The operator told Safety Board investigators that the flagger was not allowed in the helicopter. He said that the pilot was to dispense the water and then return to the airport.
The weather data reflected on page 4 of this report was the Bakersfield airport 1148 hours surface weather observation. Bakersfield airport is the closest surface weather observation facility.
The operator told Safety Board investigators that when he arrived at the accident site, clear skies existed, the visibility was greater than 20 miles, and that the surface winds were from the west-northwest between 2 and 5 knots.
The operator reported that the fire was extinguished when he arrived at the accident site. The fire damage was contained to the wreckage and the crops beneath the helicopter. There was no evidence of any chemical or water spillage.
The Kern County Fire Department did not respond to the accident site.
WRECKAGE AND IMPACT INFORMATION
The crash site is located in a field of freshly planted roses. The furrows are oriented in an east to west direction. Ground scars and the wreckage examination revealed the left spray boom initially contacted the ground and the fuselage struck the ground in about a 60-degree nose down and about a 30-degree right banking attitude. The initial ground impact crater is about 34 feet northwest of the initial spray boom impact site. A spray boom nozzle was found at the initial spray boom impact site and matched with the fractured surface of the remaining nozzle piece in the boom.
The helicopter came to rest on its left side facing 260 degrees and about 36 feet north of the main impact area. The cockpit area was incinerated by the resulting postimpact fire. A 34-foot ground scar that conformed to the spray boom shape was oriented in a northwesterly direction.
Investigators found a crescent shaped ground impact mark between 20 to 25 feet east-southeast of the main impact crater. Several paint chip pieces which resembled the main rotor blades paint scheme were found near the crater.
Safety Board investigators conducted a detailed wreckage examination on November 14, 1995, at Valley Aircraft Parts, Tulare, California. The parties listed in this report participated in the examination.
The right forward side was crushed upward and the heel plates were rolled under the flight deck. The left forward side displayed some upward crushing. The chin bubble was shattered with pieces in the initial impact crater and spread along the ground path to the main wreckage resting point. The right cyclic grip was broken to the right and was found near the left side of the helicopter in the burnt wreckage area; the grip, however, did not display any fire damage. The right rear of the passenger seat (engine firewall) exhibited inboard crushing. The back side of the pilot seat's metal frame tube displayed a symmetrical 12-inch concave mark; the support tubes were broken in numerous places.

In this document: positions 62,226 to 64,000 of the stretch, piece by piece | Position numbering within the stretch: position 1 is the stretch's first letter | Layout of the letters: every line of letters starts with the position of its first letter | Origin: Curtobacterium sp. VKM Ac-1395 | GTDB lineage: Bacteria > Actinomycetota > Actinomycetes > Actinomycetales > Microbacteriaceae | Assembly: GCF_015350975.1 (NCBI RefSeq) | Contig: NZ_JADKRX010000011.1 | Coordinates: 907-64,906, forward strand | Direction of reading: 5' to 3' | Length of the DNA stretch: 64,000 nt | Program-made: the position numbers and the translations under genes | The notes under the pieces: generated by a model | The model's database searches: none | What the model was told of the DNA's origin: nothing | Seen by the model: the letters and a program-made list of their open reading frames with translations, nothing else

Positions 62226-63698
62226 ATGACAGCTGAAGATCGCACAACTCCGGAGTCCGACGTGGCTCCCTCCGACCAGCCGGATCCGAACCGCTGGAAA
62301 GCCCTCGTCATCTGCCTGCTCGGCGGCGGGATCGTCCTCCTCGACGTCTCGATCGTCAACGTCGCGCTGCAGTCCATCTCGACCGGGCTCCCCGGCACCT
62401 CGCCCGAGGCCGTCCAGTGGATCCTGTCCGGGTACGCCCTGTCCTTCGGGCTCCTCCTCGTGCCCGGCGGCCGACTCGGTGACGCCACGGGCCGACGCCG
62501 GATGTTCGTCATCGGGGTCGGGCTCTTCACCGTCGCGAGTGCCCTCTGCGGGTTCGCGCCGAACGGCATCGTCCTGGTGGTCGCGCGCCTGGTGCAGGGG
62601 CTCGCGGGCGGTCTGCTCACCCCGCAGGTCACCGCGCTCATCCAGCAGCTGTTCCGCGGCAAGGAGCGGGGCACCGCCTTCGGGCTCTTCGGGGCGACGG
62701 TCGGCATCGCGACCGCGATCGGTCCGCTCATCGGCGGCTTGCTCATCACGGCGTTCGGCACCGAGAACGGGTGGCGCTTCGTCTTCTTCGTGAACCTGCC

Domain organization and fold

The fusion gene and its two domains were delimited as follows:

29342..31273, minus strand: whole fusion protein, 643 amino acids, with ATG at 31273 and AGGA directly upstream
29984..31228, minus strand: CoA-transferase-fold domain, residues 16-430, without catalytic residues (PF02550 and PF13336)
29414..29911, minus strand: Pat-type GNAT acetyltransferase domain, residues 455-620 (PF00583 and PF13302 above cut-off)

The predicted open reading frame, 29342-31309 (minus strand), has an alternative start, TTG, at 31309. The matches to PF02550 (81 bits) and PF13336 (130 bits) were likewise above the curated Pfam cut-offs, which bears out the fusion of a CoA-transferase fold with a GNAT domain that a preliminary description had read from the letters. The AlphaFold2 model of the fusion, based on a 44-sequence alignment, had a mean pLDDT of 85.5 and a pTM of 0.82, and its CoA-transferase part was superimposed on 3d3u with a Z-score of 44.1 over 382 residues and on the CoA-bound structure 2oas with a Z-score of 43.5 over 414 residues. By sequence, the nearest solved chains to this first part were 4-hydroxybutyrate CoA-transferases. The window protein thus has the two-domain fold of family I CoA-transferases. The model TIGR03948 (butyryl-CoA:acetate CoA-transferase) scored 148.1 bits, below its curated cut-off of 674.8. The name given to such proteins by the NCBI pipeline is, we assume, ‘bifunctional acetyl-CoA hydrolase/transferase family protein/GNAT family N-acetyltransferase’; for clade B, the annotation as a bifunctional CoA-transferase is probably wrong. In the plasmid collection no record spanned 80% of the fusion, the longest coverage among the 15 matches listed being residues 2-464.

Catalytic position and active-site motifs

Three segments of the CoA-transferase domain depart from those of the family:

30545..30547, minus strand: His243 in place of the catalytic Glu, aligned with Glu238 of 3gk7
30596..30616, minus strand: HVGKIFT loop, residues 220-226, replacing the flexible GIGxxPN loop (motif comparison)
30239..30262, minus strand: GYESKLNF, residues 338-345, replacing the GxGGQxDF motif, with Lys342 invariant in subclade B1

CENTER FRAME EXAMINATION
The right side of the forward tube was missing. The right side vertical tube was broken toward the rear and the right lower tube was missing. The left side of the frame was intact, but was bent to the left.
The tailboom was buckled; the buckling began about 33 inches from the tailboom/center frame attach point. The lower aft cluster weld tubes were broken and bent down about 60 degrees and 41 inches from the rear center frame attach points. The right lower tube was buckled inward.
The forward section of the tail rotor drive shaft was twisted off. The forward male coupling remained inside the dust cover. The rest of the short shaft was not found. The forward section of the drive shaft was twisted to the right and exhibited torsional overload signatures and longitudinal scrape marks. The transmission shaft also displayed torsional twisting signatures.
The tail rotor assembly and the 90-degree gear box separated from their respective attach points. Both tail rotor blades were broken near their respective attach points. The inboard portion of the tail rotor blades remained connected at their respective blade grips; both tail rotor blades separated outboard of the blade grips. One tail rotor blade exhibited a 7-inch concave impact mark. This mark corresponded with a white paint transference mark found on the tail rotor drive casing. The tail rotor blades are painted white with black stripes.
LEFT SPRAY BOOM
The tip end and five other nozzles were broken; the five nozzles were found along the spray boom ground imprint. The tip end nozzle was found at the southeast end of the boom ground imprint.